Sony (NYSE:SNE) recently unveiled the Xperia Z4 Tablet, a waterproof Android 5.0 device that replaces last year's Z2 Tablet. Android tablets are a dime a dozen these days, but the Z4 sticks out because it seemingly targets Apple's (NASDAQ:AAPL) iPad Air 2 with its thin frame and Microsoft's (NASDAQ:MSFT) Surface Pro 3 with its optional keyboard dock.

Sony's Xperia Z4. Source: Sony.

The keyboard can be used with Microsoft's Office suite for Android, which comes preloaded on the Z4. Since using Android via a keyboard can be awkward, Sony created a mini launcher, giving the OS a more "Windows like" appearance, and added shortcuts to the keyboard.

Sony introduced the Z4 alongside a new smartphone, the M4 Aqua. Both devices represent Sony's continuing efforts to grow its mobile business, despite persistent rumors that the company would spin off or sell the struggling division. Unfortunately, I believe the Z4 will fail to gain much traction in the crowded tablet market.

Why Sony believes the Z4 is a contender
Sony clearly checked all of the right boxes when it came to the Z4's horsepower and size. As a result, the tablet can easily hold its own against an entry-level Surface Pro 3 or the iPad Air 2.





Battery Life


Xperia Z4

Octa-core Snapdragon 810

10", 2560 x 1600


17 hours (video)


Surface Pro 3

Dual-core Intel i3 1.5 Ghz

12", 2160 x 1440


9 hours (web browsing)


iPad Air 2 (Wi-Fi)

Triple-core ARM 1.5 Ghz

9.7", 1536 x 2048


10 hours (mixed use)


Source: Company and industry websites.

Sony hasn't announced the official launch price of the Z4 yet, but Engadget estimates the 32GB model will cost $499, based on the Z2's initial launch price. That would be $300 cheaper than the 64GB Surface Pro 3 and would match the price of a 16GB iPad Air 2.

Sony likely hopes the keyboard dock will win over customers looking to replace their laptop and tablet at the same time. Moreover, Google's (NASDAQ:GOOG) (NASDAQ:GOOGL) recent push into the enterprise with "Android for Work" could make the Z4 a viable workplace device, while Remote Play connectivity with the PS4 could turn it into a gaming device.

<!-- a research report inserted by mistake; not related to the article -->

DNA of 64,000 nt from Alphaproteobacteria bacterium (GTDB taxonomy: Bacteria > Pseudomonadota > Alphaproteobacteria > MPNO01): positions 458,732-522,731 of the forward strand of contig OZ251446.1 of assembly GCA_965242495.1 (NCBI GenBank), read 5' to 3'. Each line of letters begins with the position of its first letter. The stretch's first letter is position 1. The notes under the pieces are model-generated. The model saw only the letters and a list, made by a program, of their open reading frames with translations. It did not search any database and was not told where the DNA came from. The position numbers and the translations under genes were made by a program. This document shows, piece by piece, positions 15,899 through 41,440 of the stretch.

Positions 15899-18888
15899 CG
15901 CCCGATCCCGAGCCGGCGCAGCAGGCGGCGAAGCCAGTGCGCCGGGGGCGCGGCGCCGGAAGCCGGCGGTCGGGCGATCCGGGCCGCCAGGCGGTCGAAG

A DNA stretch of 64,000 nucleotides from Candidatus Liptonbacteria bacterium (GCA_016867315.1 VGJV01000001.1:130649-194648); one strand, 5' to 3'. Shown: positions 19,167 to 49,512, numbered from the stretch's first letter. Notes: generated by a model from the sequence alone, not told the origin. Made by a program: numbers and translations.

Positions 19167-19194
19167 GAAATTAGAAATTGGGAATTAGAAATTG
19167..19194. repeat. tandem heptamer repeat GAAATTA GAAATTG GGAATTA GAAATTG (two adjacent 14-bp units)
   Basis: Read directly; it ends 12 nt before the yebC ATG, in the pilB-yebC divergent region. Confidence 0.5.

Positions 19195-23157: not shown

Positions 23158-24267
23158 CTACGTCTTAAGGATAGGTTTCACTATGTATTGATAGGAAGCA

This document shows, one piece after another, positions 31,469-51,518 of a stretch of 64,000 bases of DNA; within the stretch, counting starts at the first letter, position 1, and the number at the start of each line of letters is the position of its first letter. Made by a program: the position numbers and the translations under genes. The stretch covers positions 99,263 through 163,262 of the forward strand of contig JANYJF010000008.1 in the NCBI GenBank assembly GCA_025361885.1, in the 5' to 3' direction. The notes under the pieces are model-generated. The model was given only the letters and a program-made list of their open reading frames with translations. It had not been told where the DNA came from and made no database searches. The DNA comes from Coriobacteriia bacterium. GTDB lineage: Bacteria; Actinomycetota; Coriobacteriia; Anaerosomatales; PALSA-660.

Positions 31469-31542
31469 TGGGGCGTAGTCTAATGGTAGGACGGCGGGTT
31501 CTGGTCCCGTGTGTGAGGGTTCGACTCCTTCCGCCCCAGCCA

Why the Z4 will probably flop
Sony's biggest challenge is that the tablet market is currently saturated with cheap Android devices with high specs. Nokia's sleek N1 Android tablet, which was licensed to Foxconn, offers comparable specs to the Z4 for just $249. As price expectations fall, companies have to sell better hardware at lower margins, which makes it tough for $499 Android devices to remain competitive.

The tablet market's growth is also topping out. In 2014, IDC reported that global tablet shipments only rose 4.4% year over year, compared to 51% growth in 2013 and 78% growth in 2012. The tablet market stalled out for two reasons. First, tablets aren't tethered to two-year contracts like smartphones, and many consumers keep using "good enough" tablets instead of upgrading. Second, the tablet market has been split between phablets and 2-in-1 devices like the Surface Pro, making media consumption tablets less desirable. Even the iPad's global market share slipped from 32.6% in 2013 to 26.1% in 2014, according to Strategy Analytics.

Sony wants the Z4 to capitalize on the market shift toward 2-in-1 devices, but Microsoft firmly dominates that category with the Surface and similar Windows hybrid devices. Android is also optimized for touch screens, which caused previous attempts to use it as a laptop OS (like Hewlett-Packard's SlateBook) to fail. That's why Google is slowly porting select Android apps to Chrome OS, instead of launching a new version of Android for laptops and hybrids.

Sony's mobile business has a murky future
Last quarter, operating income at Sony's mobile business improved 46% year over year to $76 million after the company opted to sell fewer phones at premium prices. However, investors should recall that the mobile division posted a whopping operating loss of $1.6 billion in the previous quarter.

Sony is trying to diversify its mobile business beyond smartphones with its SmartWear wearables, smartglasses, and new tablets like the Z4, but the division still accounts for just 5% of Sony's operating income. Unfortunately, the Z4 won't do much to boost the relevance of its mobile business since it's merely a delayed attempt to follow the superior design standards set by the iPad Air 2 and Surface Pro 3.